Standing on the outside for — and with — Donald Trump

in 2017 by

Cindy Conley stood with her young son outside a locked gate at the Tallahassee Automobile Museum, her ticket to enter availing her nothing.

Such was the interest in Donald Trump’s first campaign visit to Florida’s capital that hundreds like Conley in her “I’m deplorable and I vote” T-shirt were denied admission.

“Although it is frustrating, it is also exciting,” the Havana resident said, surveying the crowd. “If this is any indication of how people are going to vote, the election’s going to go for him.”

It was Trump’s second Florida appearance of the day, following a rally in Sanford. Trump had been scheduled to go on at 6 p.m., but many people were caught in bumper-to-bumper traffic stretching for at least 1 1/2 miles down Interstate 10 and Mahan Drive.

Leon County deputies were firm with latecomers, even those with press passes. The gates had closed at 5:20. Trump had arrived after 6. They were too late.

In fact, Deputy Jessica Ikner said, “We got here at 1 and people were already here.”

So the left-behinds made do, chatting and enjoying the warm evening and the company.

“Of course,” said Patrick Dillon of Tallahassee, wearing a U.S. Navy veteran’s cap, when asked whether he was disappointed. “This is probably going to be my only chance to see him.”

But “I’m actually enjoying standing out here with the other Trump supporters. It’s a carnival atmosphere. There’s been no pushing or shouting or disruption.”

He’d heard about the distinctly bad vibes at previous Trump rallies.

“He makes statements I do not agree with — a little bit antagonistic, I guess,” Dillon said. “But I would say the same thing about Hillary Clinton. I wish it didn’t have to be that way. This is the first election in my lifetime when the country’s been so antagonistic.”

He thinks his candidate’s getting a raw deal from the news media.

“The majority of the comments Mr. Trump says have been blown out of proportion by the mainstream media,” he said. “I don’t think they look on her comments as negative.”

Counter-protesters did make an appearance — 200 or so of them, across the four-lane highway from a similar number of Trump people. They carried signs reading, “Proud Nasty Woman,” and chanted “Black lives matter.”

They waved the peace flag as Trump supporters across the road waved the official U.S. flag and Florida State University’s tomahawk chop.

Everyone seemed to be having a fine time.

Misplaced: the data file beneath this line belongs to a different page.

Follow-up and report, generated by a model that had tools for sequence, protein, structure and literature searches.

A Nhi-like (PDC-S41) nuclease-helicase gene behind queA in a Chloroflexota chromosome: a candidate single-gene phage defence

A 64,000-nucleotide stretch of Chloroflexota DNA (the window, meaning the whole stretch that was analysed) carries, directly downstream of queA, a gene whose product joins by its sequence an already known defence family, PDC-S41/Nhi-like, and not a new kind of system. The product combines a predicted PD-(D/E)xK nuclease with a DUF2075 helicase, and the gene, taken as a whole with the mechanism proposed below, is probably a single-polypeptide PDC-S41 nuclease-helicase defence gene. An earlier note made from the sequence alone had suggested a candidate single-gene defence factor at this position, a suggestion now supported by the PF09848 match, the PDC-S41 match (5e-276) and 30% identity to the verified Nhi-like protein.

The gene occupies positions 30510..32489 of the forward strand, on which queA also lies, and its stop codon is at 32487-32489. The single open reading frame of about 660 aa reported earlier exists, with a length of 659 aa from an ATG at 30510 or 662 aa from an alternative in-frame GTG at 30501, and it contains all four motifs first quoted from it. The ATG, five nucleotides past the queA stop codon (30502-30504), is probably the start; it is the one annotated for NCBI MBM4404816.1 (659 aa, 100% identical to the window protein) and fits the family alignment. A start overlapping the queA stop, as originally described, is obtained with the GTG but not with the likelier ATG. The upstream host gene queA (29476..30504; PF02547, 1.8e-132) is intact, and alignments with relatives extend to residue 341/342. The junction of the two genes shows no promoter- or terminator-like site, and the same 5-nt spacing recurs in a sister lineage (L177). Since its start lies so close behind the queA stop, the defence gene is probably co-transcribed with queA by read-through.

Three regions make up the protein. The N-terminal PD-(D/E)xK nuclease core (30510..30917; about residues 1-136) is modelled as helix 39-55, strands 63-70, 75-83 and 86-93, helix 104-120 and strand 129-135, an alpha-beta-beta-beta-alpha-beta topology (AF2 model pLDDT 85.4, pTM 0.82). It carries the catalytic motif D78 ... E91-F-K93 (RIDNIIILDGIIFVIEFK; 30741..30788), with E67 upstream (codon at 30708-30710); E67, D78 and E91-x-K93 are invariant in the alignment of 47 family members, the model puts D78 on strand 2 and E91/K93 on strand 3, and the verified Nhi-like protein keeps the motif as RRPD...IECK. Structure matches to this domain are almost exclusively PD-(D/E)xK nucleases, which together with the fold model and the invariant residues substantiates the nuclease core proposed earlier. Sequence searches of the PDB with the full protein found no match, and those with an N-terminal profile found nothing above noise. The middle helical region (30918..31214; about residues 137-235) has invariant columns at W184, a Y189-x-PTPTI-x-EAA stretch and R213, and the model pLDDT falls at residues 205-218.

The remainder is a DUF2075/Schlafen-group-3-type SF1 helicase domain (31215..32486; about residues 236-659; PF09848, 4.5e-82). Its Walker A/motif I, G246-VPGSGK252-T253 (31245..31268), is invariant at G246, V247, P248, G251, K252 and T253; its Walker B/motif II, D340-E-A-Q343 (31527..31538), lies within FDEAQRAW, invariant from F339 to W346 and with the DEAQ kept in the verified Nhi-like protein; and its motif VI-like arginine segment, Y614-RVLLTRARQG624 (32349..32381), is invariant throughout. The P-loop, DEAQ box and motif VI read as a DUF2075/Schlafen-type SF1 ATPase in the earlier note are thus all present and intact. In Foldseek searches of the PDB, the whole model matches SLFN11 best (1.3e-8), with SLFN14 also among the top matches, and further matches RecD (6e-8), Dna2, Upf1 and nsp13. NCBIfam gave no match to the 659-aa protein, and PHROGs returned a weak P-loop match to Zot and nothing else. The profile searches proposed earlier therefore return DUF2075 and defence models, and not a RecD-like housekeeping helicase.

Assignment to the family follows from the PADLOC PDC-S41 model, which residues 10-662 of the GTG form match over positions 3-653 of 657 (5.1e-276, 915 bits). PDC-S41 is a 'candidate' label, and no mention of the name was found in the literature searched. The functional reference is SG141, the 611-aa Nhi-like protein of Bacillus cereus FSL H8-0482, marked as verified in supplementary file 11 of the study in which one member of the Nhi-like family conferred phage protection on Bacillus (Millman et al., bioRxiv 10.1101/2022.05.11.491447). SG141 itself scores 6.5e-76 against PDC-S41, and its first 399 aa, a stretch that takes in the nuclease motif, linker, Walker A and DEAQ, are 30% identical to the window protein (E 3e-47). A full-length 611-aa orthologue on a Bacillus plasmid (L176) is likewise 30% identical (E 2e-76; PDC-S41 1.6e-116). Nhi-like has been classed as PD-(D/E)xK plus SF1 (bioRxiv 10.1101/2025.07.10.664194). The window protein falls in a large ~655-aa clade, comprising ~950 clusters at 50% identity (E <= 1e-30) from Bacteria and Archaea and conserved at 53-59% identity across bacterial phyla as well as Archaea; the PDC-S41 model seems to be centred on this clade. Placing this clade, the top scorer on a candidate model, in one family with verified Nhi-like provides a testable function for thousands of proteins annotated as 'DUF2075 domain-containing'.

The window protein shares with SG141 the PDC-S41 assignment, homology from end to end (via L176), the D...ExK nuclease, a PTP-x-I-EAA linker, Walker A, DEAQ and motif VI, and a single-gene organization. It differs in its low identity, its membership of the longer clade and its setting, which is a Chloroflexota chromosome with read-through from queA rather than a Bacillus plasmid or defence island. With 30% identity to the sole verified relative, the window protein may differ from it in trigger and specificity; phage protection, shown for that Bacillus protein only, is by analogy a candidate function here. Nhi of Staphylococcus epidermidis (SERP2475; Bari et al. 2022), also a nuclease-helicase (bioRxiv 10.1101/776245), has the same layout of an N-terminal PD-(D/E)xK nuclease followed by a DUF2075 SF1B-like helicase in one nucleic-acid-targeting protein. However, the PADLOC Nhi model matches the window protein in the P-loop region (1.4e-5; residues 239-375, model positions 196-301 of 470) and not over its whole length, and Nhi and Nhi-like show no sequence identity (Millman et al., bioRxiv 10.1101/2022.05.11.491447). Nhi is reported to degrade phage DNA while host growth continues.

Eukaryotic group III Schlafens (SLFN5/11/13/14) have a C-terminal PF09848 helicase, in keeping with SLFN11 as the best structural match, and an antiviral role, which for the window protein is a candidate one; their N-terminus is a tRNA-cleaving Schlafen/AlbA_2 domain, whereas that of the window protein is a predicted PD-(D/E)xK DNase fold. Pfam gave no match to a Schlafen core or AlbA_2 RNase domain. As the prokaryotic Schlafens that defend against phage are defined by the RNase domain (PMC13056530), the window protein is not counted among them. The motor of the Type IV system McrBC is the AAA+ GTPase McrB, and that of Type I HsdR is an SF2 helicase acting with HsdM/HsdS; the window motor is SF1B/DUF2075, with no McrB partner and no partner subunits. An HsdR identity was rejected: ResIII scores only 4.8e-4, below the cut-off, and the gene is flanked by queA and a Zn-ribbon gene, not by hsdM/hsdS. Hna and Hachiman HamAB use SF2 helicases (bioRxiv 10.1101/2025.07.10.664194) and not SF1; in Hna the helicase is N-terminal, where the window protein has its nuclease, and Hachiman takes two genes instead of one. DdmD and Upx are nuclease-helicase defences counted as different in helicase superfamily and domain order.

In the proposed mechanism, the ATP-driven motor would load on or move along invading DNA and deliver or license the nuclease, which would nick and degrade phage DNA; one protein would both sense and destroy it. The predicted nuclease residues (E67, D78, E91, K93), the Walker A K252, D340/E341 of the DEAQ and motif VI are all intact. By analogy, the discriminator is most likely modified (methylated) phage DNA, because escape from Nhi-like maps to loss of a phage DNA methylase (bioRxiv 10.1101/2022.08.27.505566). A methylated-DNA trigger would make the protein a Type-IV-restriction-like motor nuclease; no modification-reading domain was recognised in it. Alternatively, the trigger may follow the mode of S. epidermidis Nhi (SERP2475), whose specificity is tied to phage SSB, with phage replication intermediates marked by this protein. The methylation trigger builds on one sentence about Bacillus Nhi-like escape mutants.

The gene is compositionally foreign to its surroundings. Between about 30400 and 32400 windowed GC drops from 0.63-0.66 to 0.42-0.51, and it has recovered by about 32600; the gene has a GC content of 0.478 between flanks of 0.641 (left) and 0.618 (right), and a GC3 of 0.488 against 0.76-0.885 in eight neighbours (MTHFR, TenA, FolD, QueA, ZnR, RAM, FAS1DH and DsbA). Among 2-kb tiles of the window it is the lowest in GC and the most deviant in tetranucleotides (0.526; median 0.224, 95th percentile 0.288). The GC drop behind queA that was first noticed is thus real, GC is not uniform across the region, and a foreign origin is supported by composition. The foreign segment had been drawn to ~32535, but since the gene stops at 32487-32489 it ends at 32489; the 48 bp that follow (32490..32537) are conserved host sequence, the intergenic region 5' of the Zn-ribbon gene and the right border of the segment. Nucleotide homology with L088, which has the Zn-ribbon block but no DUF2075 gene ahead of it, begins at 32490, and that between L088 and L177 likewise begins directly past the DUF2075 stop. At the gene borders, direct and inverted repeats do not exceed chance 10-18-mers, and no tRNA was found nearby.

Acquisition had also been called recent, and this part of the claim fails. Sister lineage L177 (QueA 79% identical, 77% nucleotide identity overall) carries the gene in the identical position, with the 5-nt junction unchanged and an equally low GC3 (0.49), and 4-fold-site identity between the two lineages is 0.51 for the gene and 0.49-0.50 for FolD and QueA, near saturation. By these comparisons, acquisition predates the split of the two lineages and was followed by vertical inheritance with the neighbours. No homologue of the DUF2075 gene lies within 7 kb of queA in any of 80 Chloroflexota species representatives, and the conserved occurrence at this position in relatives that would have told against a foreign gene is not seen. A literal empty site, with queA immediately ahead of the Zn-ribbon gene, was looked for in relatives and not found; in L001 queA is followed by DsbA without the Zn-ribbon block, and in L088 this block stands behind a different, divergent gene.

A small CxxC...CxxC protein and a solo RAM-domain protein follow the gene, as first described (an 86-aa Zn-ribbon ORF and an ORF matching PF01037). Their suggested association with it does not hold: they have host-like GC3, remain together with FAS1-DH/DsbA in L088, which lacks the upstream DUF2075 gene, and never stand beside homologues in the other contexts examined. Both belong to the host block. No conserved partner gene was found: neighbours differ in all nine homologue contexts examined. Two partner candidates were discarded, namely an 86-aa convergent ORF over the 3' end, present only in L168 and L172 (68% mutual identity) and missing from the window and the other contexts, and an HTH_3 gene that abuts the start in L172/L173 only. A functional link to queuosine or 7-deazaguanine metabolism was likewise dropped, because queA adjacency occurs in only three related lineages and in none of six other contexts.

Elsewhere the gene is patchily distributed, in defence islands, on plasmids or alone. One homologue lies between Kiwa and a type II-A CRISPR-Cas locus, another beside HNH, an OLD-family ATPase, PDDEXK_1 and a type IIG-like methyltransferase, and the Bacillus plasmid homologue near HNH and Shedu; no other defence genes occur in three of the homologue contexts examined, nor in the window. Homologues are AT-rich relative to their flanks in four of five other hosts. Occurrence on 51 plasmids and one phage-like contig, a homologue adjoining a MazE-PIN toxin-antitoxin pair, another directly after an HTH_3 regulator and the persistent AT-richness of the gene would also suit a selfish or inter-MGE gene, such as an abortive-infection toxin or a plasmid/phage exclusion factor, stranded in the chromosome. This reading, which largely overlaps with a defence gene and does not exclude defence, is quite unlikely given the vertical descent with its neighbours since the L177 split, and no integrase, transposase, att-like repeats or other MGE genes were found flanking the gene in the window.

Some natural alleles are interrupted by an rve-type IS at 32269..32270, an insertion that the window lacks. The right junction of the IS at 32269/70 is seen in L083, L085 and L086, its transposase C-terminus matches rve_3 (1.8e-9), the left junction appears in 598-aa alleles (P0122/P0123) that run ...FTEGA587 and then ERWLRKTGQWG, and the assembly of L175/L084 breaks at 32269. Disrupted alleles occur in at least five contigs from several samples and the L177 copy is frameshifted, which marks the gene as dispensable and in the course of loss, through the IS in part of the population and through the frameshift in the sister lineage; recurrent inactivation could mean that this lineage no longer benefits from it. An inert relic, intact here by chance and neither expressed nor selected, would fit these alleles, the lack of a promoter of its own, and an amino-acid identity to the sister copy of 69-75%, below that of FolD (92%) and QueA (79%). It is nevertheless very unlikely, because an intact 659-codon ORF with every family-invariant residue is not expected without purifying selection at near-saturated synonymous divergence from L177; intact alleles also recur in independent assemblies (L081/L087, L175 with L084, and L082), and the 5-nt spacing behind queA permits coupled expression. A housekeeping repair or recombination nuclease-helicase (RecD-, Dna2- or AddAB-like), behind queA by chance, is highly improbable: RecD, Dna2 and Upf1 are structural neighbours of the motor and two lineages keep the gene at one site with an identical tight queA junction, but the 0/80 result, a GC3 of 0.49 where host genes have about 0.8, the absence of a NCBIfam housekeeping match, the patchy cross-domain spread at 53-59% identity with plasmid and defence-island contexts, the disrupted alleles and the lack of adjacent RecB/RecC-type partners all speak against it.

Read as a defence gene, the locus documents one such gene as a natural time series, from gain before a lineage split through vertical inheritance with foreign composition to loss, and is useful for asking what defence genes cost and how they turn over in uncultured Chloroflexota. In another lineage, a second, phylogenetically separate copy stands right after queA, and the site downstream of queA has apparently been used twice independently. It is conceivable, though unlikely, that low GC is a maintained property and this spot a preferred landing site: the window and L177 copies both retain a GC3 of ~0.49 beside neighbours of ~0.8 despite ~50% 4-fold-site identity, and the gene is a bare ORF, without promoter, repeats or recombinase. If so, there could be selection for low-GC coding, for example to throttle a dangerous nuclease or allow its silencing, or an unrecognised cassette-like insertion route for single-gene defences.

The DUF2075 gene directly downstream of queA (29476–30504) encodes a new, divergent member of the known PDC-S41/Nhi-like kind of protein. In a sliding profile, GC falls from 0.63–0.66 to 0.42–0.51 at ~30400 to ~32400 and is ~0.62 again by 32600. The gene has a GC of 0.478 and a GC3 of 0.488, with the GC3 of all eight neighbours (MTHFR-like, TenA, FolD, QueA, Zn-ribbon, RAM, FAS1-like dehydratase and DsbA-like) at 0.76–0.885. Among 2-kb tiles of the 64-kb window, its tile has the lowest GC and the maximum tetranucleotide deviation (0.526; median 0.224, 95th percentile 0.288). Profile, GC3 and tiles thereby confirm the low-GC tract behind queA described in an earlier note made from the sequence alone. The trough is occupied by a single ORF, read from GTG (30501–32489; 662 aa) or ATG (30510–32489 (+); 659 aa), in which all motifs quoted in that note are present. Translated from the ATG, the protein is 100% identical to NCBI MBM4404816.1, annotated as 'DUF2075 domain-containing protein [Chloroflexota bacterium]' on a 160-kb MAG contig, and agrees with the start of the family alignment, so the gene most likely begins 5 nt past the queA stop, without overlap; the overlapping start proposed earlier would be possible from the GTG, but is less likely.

Not everyone was persuaded. Leah — she declined to give her last name — stood inside the gate after the rally, waiting to be let out.

“I don’t want to be harassed right here, but I’m voting for Hillary,” she said.

She described a different atmosphere inside the rally, which she’d attended “to see what it was like.” Did it meet her expectations? “I expected low from him. I received low.” What happens now? “We vote.”

Florida A&M University student Abdul Aziz, in the exclusion zone, was there “because I wanted to see what Trump supporters are like, because they’ve got a bad rep. Some of them are pretty nice,” he said. Still, “I’ve seen some pretty rough stuff out here — people yelling curse words at people.”

Mike DeFeudis of Tallahassee, dressed in a “Donald Trump 2016 — Make American Great Again” T-shirt, took his own exclusion more or less in stride.

“They’ve got hundreds of acres of land, and they’re not letting anybody in,” he said. “I talked to a sheriff’s deputy and he said they can only control so many people.”

He said he voted twice for Barack Obama — “I’m not a conservative Republican.” This year, he’s voting for Trump. He accepts the candidate’s argument that the system isn’t working for people like those surrounding him Tuesday evening.

In fact, he said, news coverage of the election is reinforcing Trump’s message. “It’s going to make all these people who love him love him more.”

“Look at all these people who want to vote for Donald Trump. No question he’s said some bad stuff, but these people here are tired.” He cited the conflicts with ISIS, economic woes, and reverses in Afghanistan.

“People want to believe in making American great again,” Defeudis said. “Whether Donald Trump does it or not, they want to believe. They know Hillary Clinton is not going to do it.”

Michael Moline is a former assistant managing editor of The National Law Journal and managing editor of the San Francisco Daily Journal. Previously, he reported on politics and the courts in Tallahassee for United Press International. He is a graduate of Florida State University, where he served as editor of the Florida Flambeau. His family’s roots in Jackson County date back many generations.